New pension law not in spirit of state constitution

SHARE New pension law not in spirit of state constitution
SHARE New pension law not in spirit of state constitution

We’re about to find out just what sort of state we really live in.

Actually, we already pretty much know.

Going back as far as the 1940s, Illinois has neglected to fully fund its public employee pension plans.

The problem eventually got so bad the state’s Constitutional Convention delegates inserted an air-tight guarantee that pension benefits could never be “diminished or impaired.” The brand new Constitution was approved by voters in 1970. Illinoisans were officially informed that the pension clause was “self explanatory.”

The idea was to scare legislators and the governor into fully funding the pension systems and prevent them from expanding already unaffordable benefits.

The Constitutional Convention delegates wanted to specifically warn the state’s powers that be that they’d never be able to one day turn around and decide that not enough was paid into the funds and too much was promised out of the funds, so benefits had to be cut.

It didn’t work.

At all.

The pension funds were never given enough state money. Benefits were expanded almost every year, sometimes more than once.

And then just last week the General Assembly approved and the governor signed into law a bill that did exactly what the Constitutional Convention delegates specifically tried to prevent. They reduced unaffordable, unfunded pension benefits.

Things finally got to the point where taxpayers were on the hook for $380 billion in pension fund payments over the next 30 years. The pension systems’ unfunded liability had grown to $100 billion.

Our legislators and governors had some partners in this debacle. Unions pushed hard for some very big benefit hikes, including a compounded annual 3 percent increase for all retirees that has wound up costing a fortune. If the unions had pushed half as hard to actually fund those benefit sweeteners, things might be different today.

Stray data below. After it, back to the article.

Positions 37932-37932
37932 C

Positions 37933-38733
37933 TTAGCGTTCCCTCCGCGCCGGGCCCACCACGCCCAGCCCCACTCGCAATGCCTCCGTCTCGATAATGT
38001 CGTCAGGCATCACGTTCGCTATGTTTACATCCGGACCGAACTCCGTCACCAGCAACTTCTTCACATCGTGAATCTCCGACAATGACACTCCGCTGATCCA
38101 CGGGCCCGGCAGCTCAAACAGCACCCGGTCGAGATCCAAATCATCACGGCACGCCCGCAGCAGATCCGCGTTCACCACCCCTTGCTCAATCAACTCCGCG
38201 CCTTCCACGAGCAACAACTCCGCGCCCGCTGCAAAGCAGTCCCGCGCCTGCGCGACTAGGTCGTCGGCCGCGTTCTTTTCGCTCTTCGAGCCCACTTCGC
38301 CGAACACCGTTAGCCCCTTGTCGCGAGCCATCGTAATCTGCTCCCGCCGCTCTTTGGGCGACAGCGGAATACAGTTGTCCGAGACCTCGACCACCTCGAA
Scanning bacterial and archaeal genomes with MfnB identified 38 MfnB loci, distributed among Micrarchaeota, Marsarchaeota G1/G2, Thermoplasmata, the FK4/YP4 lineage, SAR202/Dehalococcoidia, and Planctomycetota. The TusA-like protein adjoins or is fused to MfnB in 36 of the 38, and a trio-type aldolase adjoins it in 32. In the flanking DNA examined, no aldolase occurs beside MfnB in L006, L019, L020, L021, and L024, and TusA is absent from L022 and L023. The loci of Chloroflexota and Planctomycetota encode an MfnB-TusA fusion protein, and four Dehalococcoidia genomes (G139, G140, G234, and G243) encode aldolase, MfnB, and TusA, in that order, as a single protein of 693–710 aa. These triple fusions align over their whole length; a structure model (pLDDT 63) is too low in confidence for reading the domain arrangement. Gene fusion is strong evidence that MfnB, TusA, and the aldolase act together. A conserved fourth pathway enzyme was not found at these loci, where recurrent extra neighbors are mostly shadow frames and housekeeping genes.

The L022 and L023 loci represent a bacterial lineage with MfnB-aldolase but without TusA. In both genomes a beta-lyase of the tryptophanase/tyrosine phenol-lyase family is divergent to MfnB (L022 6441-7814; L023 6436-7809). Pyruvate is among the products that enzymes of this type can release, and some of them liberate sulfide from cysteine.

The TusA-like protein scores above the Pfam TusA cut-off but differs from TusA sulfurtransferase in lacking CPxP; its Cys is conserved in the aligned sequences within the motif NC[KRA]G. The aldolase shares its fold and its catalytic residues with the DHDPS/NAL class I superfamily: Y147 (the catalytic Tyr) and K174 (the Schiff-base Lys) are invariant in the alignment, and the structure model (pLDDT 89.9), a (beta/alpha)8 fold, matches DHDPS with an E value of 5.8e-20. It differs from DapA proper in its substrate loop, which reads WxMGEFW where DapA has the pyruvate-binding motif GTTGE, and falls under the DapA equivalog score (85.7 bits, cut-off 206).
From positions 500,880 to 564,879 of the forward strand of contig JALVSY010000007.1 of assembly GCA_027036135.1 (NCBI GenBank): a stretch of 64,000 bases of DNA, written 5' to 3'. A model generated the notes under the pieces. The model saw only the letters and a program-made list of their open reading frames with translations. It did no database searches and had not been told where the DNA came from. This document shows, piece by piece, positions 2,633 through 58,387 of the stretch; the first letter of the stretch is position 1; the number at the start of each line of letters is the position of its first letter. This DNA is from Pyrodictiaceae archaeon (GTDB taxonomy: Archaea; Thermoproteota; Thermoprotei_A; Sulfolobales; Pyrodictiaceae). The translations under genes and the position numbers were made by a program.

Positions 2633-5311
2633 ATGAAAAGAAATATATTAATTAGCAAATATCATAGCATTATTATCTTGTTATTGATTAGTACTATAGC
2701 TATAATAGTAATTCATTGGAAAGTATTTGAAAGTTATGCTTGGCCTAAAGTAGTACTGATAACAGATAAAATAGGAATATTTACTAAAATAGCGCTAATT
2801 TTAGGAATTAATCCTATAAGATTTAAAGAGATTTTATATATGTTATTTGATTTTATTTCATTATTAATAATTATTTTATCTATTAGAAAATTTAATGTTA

The new law slashes benefits, particularly that annual cost-of-living adjustment. A Sun-Times editorial described it this way: “The bill kicks ordinary working people — secretaries, clerks, teachers and the like — in the teeth.”

Unbelievably, there are those who think the new law doesn’t go nearly far enough. Republican gubernatorial candidate Bruce Rauner said the law merely slaps “a small bandage on an open wound.”

Rauner would go further. He’d freeze all pension benefits where they are today. No cost-of-living adjustments ever. So, if your retirement income is now $30,000, it’ll be $30,000 15 years from now, regardless of inflation.

Rauner would also put all current workers into 401(k) plans — the same plans that most private employees participate in, and the same plans that many are now worried are so inadequate that we appear heading for a national poverty disaster among the elderly.

Rauner tried to kill the bill last week. The man who reported making $53 million last year tried his cynical best to incite class warfare and turn the less fortunate against the bad public employees and retirees. His ploy didn’t work. The bill was already so harsh that few were willing to go any further.

The court cases will begin soon, and that’s when we will discover what sort of state this is.

We’re going to soon see whether a plain language constitutional provision is enough to stop exactly the outcome that the drafters were specifically trying to prevent two score and three years ago.

I can see how some of this new might survive. There is some wiggle room, particularly on cost of living adjustments. The constitutional drafters debated whether to specifically protect benefits against the ravages of inflation and decided against it. But it couldn’t be more clear what those drafters were trying to do, and the new law sure looks a lot like it.

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